The Server interface is used in BEA Tuxedo CORBA servers to allow the TP Framework to ask the user to create a servant for an object when the ORB receives a request for that object. However, in joint client/servers, the user program is responsible for creating a servant before any requests arrive; thus, the Server interface is not needed. Typically, the program creates a servant and then activates the object (using the servant and an ObjectId; the ObjectId is possibly system generated) before handing a reference to the object. Such an object might be used to handle callbacks. Thus, the servant already exists and the object is activated before a request for the object arrives.

For C++ joint client/servers, instead of invoking the TP interface to perform certain operations, client servants directly invoke the ORB and POA (which is what the TP interface does internally). Alternately, since much of the interaction with the ORB and POA is the same for all applications, for ease of use, the client library provides a convenience wrapper object that does the same things, using a single operation. For a discussion of how to use the convenience wrapper object, see Callback Object Models Supported and Preparing Callback Objects Using BEAWrapper Callbacks.

Servant Inheritance from Skeletons

In a client that supports callbacks, as well as in a server, you write a implementation class that inherits from the same skeleton class name generated by the IDL compiler (the idl command).

C++ Example of Inheritance from Skeletons

The following is a C++ example, given the IDL:

interface Hospital{  };

The skeleton generated by the idl command contains a "skeleton" class, POA_Hospital, that the user-written class inherits from, as in:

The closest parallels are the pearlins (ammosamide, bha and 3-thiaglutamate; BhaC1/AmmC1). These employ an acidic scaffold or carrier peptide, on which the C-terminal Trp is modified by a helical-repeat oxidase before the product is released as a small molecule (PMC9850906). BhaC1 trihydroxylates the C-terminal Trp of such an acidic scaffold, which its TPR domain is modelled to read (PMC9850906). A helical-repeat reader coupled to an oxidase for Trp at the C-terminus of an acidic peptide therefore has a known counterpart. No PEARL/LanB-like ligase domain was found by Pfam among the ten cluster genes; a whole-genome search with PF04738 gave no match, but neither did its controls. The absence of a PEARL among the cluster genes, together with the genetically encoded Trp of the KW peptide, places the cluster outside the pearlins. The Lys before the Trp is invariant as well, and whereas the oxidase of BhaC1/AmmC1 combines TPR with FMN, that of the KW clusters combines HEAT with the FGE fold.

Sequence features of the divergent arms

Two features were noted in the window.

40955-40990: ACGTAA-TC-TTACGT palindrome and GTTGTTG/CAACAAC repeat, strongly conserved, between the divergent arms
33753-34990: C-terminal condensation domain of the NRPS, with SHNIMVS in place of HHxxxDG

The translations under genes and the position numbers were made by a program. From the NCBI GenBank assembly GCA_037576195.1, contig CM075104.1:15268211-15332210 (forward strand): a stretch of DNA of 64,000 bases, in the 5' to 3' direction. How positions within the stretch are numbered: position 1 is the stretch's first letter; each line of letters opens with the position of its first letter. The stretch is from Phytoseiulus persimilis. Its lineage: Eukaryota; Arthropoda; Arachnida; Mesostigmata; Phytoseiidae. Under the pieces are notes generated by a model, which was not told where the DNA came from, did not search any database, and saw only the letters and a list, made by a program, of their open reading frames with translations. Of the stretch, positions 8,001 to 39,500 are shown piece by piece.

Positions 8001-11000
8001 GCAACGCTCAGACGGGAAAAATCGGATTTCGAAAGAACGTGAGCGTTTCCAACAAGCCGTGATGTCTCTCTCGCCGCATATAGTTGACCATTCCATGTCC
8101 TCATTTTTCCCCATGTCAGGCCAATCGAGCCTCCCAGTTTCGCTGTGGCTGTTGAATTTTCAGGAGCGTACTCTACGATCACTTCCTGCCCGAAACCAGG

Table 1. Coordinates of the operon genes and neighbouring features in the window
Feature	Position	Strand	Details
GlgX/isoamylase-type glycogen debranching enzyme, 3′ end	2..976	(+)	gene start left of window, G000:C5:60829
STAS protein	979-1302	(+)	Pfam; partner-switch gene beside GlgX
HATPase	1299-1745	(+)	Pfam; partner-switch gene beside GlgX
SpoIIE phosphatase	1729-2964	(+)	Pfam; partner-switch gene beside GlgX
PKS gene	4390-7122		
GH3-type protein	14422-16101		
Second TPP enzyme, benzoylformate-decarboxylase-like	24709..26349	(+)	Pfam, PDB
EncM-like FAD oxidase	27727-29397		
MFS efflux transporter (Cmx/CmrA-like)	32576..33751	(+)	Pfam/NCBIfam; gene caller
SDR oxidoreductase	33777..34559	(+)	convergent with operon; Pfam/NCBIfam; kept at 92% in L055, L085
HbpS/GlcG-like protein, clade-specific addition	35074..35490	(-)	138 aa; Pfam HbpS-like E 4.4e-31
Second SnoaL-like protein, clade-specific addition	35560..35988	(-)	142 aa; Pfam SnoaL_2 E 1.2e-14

class Hospital_i : public POA_Hospital { ... };

In a server, the skeleton class inherits from the TP Framework class Tobj_ServantBase, which in turn inherits from the predefined PortableServer::ServantBase.

The inheritance tree for a callback object implementation in a joint client/server is different than that in a server. The skeleton class does not inherit from the TP Framework class Tobj_ServantBase, but instead inherits directly from PortableServer::ServantBase. This behavior is achieved by specifying the -P option in the idl command.

Not having the Tobj_ServantBase class in the inheritance tree for a servant means that the servant does not have activate_object and deactivate_object methods. In a server, these methods are called by the TP Framework to dynamically initialize and save a servant's state before invoking a method on the servant. For a client that supports callbacks, you must write code that explicitly creates a servant and initializes a servant's state.

Callback Object Models Supported

BEA Tuxedo CORBA supports four kinds of callback objects and provides wrappers for the three that are most common. These objects correspond to three combinations of POA policies. The POA policies control both the types of objects and the types of object references that are possible.

The POA policies that are applicable are:

These objects are explained primarily in terms of their behavioral characteristics rather than in details about how the ORB and the POA handle them. Those details are discussed in the next sections, using either direct ORB and POA calls (which requires a little extra knowledge of CORBA servers) or using the BEAWrapper Callbacks interface, which hides the ORB and POA calls (for users who do not care about the details).

Notes: The Transient/UserId policy combination is not considered particularly important. It is possible for users to provide for themselves by using the POA in a manner analogous to either of the persistent cases, but the BEA Tuxedo wrappers do not provide special help to do so.